“The blue ruin of earth is the total work of art at the end of history.
The earth will be buried at sea.”
McKenzie Wark, ‘An Inhuman Fiction of Forces’ 
Two days before Typhoon Krosa wrecked its way through western Japan and headed north towards Korea, I was touring one of Japan’s inland islands. It was already going to be the peak of the near-intolerable summer heat, but pre-typhoon, as the locals say, is always extraordinarily hot. Still, Inujima was enjoying a flux of tourists who flocked to the islands for the Setouchi Triennale. Coy and unassuming, the island home to barely eighty residents could hardly accommodate the tourists even just for day trips.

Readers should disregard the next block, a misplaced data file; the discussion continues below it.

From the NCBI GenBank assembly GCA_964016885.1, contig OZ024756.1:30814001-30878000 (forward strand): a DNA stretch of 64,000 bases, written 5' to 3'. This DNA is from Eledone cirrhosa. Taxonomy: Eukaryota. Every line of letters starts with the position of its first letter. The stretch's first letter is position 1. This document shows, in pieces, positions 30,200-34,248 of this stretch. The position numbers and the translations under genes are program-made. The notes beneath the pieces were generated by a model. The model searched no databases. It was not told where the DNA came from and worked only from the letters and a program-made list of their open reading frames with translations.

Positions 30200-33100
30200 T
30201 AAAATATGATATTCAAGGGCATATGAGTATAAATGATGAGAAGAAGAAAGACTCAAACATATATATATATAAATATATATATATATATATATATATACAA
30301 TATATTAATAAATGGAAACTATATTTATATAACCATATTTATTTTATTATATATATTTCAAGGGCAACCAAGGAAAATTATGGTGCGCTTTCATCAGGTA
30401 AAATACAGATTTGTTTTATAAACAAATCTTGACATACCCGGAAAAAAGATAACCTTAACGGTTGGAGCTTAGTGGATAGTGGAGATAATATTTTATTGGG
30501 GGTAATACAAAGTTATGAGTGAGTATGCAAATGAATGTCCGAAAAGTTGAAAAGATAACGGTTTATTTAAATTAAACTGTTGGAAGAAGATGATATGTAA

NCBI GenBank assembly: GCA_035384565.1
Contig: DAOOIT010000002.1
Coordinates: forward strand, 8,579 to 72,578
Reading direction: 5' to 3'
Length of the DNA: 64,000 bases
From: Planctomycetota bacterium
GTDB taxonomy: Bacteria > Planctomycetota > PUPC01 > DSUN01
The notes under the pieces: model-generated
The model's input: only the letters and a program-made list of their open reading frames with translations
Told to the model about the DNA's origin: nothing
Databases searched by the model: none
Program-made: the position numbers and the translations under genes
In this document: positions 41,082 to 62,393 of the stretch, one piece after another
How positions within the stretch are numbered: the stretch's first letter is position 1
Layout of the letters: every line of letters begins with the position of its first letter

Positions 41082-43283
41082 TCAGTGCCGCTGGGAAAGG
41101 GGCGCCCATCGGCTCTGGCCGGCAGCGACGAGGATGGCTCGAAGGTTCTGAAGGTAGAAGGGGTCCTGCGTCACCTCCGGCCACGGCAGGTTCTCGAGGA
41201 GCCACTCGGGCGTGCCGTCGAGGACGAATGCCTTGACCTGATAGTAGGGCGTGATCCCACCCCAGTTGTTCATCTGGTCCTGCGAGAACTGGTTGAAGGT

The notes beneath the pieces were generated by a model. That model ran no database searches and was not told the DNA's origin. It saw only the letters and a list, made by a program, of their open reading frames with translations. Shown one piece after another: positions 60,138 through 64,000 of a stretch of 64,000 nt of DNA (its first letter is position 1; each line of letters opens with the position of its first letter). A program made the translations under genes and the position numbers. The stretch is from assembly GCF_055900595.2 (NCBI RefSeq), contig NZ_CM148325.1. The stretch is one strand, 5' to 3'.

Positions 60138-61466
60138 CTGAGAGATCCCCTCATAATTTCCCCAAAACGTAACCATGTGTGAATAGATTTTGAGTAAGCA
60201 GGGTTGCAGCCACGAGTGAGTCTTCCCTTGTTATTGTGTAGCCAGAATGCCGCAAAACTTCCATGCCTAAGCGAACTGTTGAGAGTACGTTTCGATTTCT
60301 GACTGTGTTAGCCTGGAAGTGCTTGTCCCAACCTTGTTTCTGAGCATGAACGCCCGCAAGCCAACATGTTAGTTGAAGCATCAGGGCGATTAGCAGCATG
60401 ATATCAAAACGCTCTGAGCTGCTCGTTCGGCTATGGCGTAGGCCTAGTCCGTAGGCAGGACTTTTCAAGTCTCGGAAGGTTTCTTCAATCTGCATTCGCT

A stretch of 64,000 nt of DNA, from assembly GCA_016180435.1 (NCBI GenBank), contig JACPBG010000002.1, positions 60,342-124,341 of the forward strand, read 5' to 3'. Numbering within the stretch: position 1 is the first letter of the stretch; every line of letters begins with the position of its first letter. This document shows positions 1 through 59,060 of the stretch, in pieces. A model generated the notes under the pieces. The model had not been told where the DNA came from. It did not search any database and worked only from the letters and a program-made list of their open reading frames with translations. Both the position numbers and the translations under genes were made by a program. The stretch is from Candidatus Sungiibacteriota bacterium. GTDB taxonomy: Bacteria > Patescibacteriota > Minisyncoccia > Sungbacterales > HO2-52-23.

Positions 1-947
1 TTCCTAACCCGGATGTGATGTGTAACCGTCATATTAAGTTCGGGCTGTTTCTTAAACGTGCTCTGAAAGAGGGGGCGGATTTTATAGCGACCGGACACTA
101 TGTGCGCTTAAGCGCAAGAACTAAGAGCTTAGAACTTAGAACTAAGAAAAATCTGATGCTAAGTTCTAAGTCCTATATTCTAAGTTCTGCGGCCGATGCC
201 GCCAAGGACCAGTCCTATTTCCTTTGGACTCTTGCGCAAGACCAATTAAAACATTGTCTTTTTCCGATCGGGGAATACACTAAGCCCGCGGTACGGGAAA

Stepping out of the speedboat I was ushered to a makeshift shelter where the Triennale staff urged us naïve tourists to not only buy a return ticket, but to reserve a seat for a particular time slot, or wait three hours for the next boat otherwise. 80-pax speedboats ferried visitors to Inujima three times a day from the only access point: Naoshima, the largest amongst the islands and host to the buffet of see-and-be-seen art sites helmed by Benesse Holdings , including Yayoi Kusama’s ubiquitous pumpkins. The luxurious ferries funnelling visitors to Naoshima from the port cities of Uno and Takamatsu, in contrast, could take on 500 passengers at any one go and boasted nearly floor-to-ceiling windows flanking leather seats that resembled those of business-class airport lounges. The ship was so massive that once inside, one would be forgiven for forgetting the vessel was moving.